Sunday, November 27, 2016

Wharton State Forest, NJ - Harrisville Pond

Wharton State Forest - NJ Department of Environmental Protection (scroll about half way down)
Harrisville Village Video Tour - Pinelands Preservation Alliance

GPS Coordinates 39.66509, -74.52423
Parking at Harrisville Pond

There really is no map other than...
Wharton State Forest Map - NJDEP (only shows Batona Trail)
Harrisville Podcast Tour Map - Pinelands Preservation Alliance (only shows Harrisville Pond area)
For lack of anything better, my rendition of a trail map.

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HIKE DISTANCE:  8.5 miles

A gorgeous, but cold, early morning at Harrisville Pond.
We figured we'd start the hike by visiting the ruins since that involves a short road walk and not much traffic at 7:30 AM on a Sunday.  So facing Route 679, turn left.
Cross the larger of two dams.
Then veer right crossing over to the Papermill and Artesian Well ruins behind the fence.
It's kind of hard to see behind the fence and with all of the overgrowth but the podcast is interesting to listen to.
We continued on a bit looking for some of the other sites but could not find anything.  We also headed back across Route 679 looking for the sites on North Main Street which no longer exists and well, it no longer exists and we found no more ruins.
So we jogged right on Route 679 then left on the sand road which is Martha Road (no sign).
Martha Road
On the left the historic canal which does not show up well on the picture but is very obvious from Martha Road.  At the fork in this area, keep left.  Right is Calico Road on GoogleMaps but there are no signs.
This is all State Natural Area.
Two deer crossed over and Sebastian would not let it go.  We tried to tell him those deer were already in the next county but he was not buying it.  Shawnee could care less.  She has never bothered with wildlife.
Oh my, what have we here?
This is one sweet balloon for my collection.  And look at all of that ribbon that some poor animal will not be getting tangled in.
Sand Graffiti
When Martha Road veered right, we stayed left for a detour to Oswego River.
This is more narrow pine needle covered road that ends in a cul-de-sac so we just followed it around and backtracked back to Martha Road to continue on.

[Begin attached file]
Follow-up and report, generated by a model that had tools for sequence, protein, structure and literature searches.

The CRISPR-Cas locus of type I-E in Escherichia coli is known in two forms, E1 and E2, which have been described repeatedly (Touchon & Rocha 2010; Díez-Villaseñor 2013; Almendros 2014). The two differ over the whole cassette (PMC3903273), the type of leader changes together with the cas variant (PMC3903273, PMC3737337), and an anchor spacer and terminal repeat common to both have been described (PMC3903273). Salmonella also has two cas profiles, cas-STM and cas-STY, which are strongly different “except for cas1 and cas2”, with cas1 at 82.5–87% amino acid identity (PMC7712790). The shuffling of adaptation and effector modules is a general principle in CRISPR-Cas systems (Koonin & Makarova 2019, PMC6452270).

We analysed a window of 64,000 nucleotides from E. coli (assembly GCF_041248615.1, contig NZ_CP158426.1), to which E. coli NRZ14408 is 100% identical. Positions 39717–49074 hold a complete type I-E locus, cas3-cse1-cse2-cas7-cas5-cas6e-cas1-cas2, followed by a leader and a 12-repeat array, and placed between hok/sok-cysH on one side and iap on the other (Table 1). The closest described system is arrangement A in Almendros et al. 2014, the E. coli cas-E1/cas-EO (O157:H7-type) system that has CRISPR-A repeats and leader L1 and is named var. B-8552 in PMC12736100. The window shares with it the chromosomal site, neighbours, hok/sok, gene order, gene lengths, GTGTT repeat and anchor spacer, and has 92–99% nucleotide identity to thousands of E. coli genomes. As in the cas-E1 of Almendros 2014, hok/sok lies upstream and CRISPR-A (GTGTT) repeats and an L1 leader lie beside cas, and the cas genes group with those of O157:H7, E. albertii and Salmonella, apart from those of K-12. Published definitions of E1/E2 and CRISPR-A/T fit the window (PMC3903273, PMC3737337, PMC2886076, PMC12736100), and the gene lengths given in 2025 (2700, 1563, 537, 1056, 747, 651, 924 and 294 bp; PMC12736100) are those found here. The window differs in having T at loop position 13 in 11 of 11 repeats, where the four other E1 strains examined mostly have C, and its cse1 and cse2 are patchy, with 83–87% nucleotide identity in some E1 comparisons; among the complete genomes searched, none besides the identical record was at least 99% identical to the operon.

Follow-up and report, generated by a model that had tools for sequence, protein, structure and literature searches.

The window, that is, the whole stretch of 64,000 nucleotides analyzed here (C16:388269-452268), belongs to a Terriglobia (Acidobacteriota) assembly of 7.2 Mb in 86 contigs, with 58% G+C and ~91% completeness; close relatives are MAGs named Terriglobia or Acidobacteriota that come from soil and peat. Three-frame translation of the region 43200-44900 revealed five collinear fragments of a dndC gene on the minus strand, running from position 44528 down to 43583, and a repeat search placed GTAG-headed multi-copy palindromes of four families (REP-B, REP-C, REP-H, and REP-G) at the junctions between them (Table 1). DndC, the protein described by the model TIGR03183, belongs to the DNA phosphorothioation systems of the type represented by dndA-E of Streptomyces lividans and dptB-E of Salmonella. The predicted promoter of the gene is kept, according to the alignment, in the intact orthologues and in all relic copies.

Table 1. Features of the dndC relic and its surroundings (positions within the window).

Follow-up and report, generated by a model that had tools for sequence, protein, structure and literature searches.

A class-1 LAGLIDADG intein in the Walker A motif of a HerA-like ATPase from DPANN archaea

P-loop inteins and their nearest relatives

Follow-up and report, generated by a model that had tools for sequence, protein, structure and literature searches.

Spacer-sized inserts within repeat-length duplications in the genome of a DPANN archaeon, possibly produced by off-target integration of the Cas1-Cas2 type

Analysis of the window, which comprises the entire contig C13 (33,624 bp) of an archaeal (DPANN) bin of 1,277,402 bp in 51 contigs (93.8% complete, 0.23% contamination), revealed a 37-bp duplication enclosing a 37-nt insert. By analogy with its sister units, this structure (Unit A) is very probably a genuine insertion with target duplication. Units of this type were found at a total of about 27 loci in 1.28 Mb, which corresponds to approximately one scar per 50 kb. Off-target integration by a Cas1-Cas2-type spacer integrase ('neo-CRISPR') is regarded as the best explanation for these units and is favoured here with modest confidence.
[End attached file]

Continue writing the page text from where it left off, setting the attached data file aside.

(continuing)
Back on Martha Road.
At the intersection, right on the pink-blazed Batona Trail.
This packed sand/pine needle surface was perfect for wheelchairing and she was scooting along at a nice clip!
I have no idea what this is and only saw this one but it was in the vicinity of fire breaks so thinking it might have something to do with that.
We turned left at the huge barrier, leaving the Batona Trail, to access the cranberry bogs.
There were no signs saying we couldn't be there but these are active cranberry bogs.
There was a large group of swans in the water, quite a distance away, yet the cacophony of commands began between the swans and a group of Canada geese and ...
... on command they all took to the air.
They had obviously discussed this loudly and were in cahoots as we apparently presented a serious threat in their minds.
In trying to find a road connecting back over to Martha Road that was visible on my GPS, we ended up behind that pond on a very pretty pine needle covered road where ...
... we all took a break.
Swamp Sparrow?
This is the road we needed to make the loop (versus backtracking) so we made our way around the debris blocking the road.
A geriatric dragonfly this late in the year.
This road was a bit overgrown but not bad and it's only a short distance...
... around whatever obstacle this is...
... to a left on Martha Road.
Downy Woodpecker
At the intersection, a right on the pink-blazed Batona Trail completing our loop back to where we first got on the Batona Trail.
And just to the right are the ruins of Martha Furnace behind falling down chain link with barbed wire fencing.  Some info on the ruins and the ghost town of Martha is on this site.
A short distance after Martha Furnace, a wavy, yet sturdy bridge ...
... over Oswego River.
A side trail on the left just the other side of the bridge allows for a dip in the river.
Continuing on the Batona Trail.
Watch for the Batona Trail to leave the woods road to the left ...
... on a footpath ...
... with boardwalks.
Memorial plaques on the boarwalk.
When the Batona Trail turns right, left on the blue-blazed Lake Trail.
This footpath follows very closely along the edge of an old canal.
At the Harrisville Pond, several side trails offer nice views.
Two female and one male Bufflehead in Harrisville Pond.
The Lake Trail ends at the boat launch.
A left on Route 679 ...
... for a very short road walk over ...
... the second dam ...
... back to the parking area.